With England and Spain’s top sides excelling in the competition this season and one from each country making the final, the other historical superpower of European club football faded away in the form of Italy. The Italian sides held much promise this season, as on paper their teams glittered with international superstars but the reality was that Milan, Roma and current champions Inter lacked incisiveness and looked devoid of ideas when faced with some of the competitions better sides.

Milan have since clinched the Serie A title back from rivals Inter, but in Europe were massively disappointing. I Rossoneri finished second in Group G, winning only two matches (both against Auxerre) and just limping through to the knockout stages. Massimiliano Allegri’s side were beaten 1-0 at the San Siro by Tottenham and then failed to score or even create any gilt-edged chances at White Hart Lane to be eliminated and bring a dismal European display to an end.

Inter went into this season’s tournament with every ambition of retaining their European crown but proved to be toothless, unorganised and uninspired without ‘The Special One’. The Nerazzurri finished runners up to Spurs in Group A, losing 3-0 to Werder Bremen in the last game, and despite coming back from behind to eliminate Bayern Munich in the last 16, showed a lack of defensive co-ordination to capitulate against Schalke in the quarters, with a hefty home defeat shaking any confidence in coach Leonardo.

The Good

‘Good’ probably isn’t a stellar enough compliment to describe tournament favourites Barcelona and top scorer Lionel Messi; the Catalan side have been breathtaking. From an undefeated group stage to coming back from a first leg defeat and conquering Arsenal, followed by the 6-1 destruction of Shakhtar to the El Clasico victory at the Bernabeu and ‘that goal’ by the Argentinian whizkid, Spain’s champions have been scintillating to watch. The style and manner of their victories and ability to keep the ball has been a revelation, and Pep Guardiola’s side have given all comers a lesson in total football this season.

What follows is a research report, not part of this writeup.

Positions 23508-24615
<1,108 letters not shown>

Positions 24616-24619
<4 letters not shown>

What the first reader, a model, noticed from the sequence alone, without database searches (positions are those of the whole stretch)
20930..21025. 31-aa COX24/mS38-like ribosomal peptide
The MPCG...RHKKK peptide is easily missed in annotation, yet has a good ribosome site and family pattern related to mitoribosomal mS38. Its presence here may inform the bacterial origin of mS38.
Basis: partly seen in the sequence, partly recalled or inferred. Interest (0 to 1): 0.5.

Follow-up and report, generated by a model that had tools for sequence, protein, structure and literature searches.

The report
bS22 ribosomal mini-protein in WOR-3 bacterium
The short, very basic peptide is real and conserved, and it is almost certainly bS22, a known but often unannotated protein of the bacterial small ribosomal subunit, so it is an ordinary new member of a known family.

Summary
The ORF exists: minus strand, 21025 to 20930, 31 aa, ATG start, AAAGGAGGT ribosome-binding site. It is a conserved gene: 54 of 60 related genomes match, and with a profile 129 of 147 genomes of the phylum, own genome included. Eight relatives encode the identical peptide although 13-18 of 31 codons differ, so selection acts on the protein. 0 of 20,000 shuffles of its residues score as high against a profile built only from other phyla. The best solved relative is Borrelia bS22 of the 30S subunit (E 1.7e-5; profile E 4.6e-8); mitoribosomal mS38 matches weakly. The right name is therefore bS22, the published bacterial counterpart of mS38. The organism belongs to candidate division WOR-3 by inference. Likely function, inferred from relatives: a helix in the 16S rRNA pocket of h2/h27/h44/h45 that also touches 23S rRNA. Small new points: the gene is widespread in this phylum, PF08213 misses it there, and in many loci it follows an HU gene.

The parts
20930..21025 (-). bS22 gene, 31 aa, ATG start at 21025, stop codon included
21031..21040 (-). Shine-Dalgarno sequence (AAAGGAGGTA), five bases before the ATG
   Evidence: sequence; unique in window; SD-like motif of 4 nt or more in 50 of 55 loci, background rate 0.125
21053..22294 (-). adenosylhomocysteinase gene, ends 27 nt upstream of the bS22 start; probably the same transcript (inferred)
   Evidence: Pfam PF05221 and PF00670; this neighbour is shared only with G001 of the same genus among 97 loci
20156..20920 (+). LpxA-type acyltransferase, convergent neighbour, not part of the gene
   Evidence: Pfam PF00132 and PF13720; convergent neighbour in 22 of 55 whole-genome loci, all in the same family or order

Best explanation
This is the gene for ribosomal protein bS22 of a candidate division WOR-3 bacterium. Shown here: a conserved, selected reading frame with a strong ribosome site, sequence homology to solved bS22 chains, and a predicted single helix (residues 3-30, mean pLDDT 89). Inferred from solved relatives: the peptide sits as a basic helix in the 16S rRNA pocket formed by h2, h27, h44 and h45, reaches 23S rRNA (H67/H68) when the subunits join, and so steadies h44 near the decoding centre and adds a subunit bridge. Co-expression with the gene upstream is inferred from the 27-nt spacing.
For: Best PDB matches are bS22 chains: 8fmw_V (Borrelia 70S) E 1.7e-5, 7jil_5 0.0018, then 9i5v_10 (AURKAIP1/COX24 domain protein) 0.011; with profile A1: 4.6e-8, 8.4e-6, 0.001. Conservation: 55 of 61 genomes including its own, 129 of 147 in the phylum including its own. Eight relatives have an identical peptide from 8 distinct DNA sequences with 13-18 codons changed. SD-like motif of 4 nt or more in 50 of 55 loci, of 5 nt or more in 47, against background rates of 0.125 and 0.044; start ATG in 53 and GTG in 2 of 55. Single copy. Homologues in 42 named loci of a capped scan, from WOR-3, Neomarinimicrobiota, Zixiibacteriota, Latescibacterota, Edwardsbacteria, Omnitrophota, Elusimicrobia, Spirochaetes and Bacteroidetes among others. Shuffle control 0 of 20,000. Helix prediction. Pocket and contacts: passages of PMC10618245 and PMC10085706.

The Bad

The war of words in the build up to the El Clasico semi-final, Pepe and Jose Pinto’s red cards and the ultimate reprimands distributed to Jose Mourinho and the Spanish sides by UEFA have marred this year’s competition, and have certainly not been a good advertisement for the game. The manner in which the sides coaches conducted themselves before the game and the pettiness at times of the players during the first leg made a mockery of the beautiful game and need to be stamped out of the sport; play fair and with a sporting spirit.

The Final

Barcelona look all but unstoppable when they get into their stride, but if anyone can beat them it will be Manchester United. Sir Alex Ferguson’s side will need to call upon their collective experience as a side and unite as a team to get a result against the Spaniards, not to mention figure out a way to subdue Senor Messi. Lets hope the final encapsulates the quality of this season’s tournament, is a spectacle for all to enjoy and the side’s act like advocates for the tournament and the sport.

Gareth McKnight is a columnist for the football blog You can follow Soccerlens on Twitter here.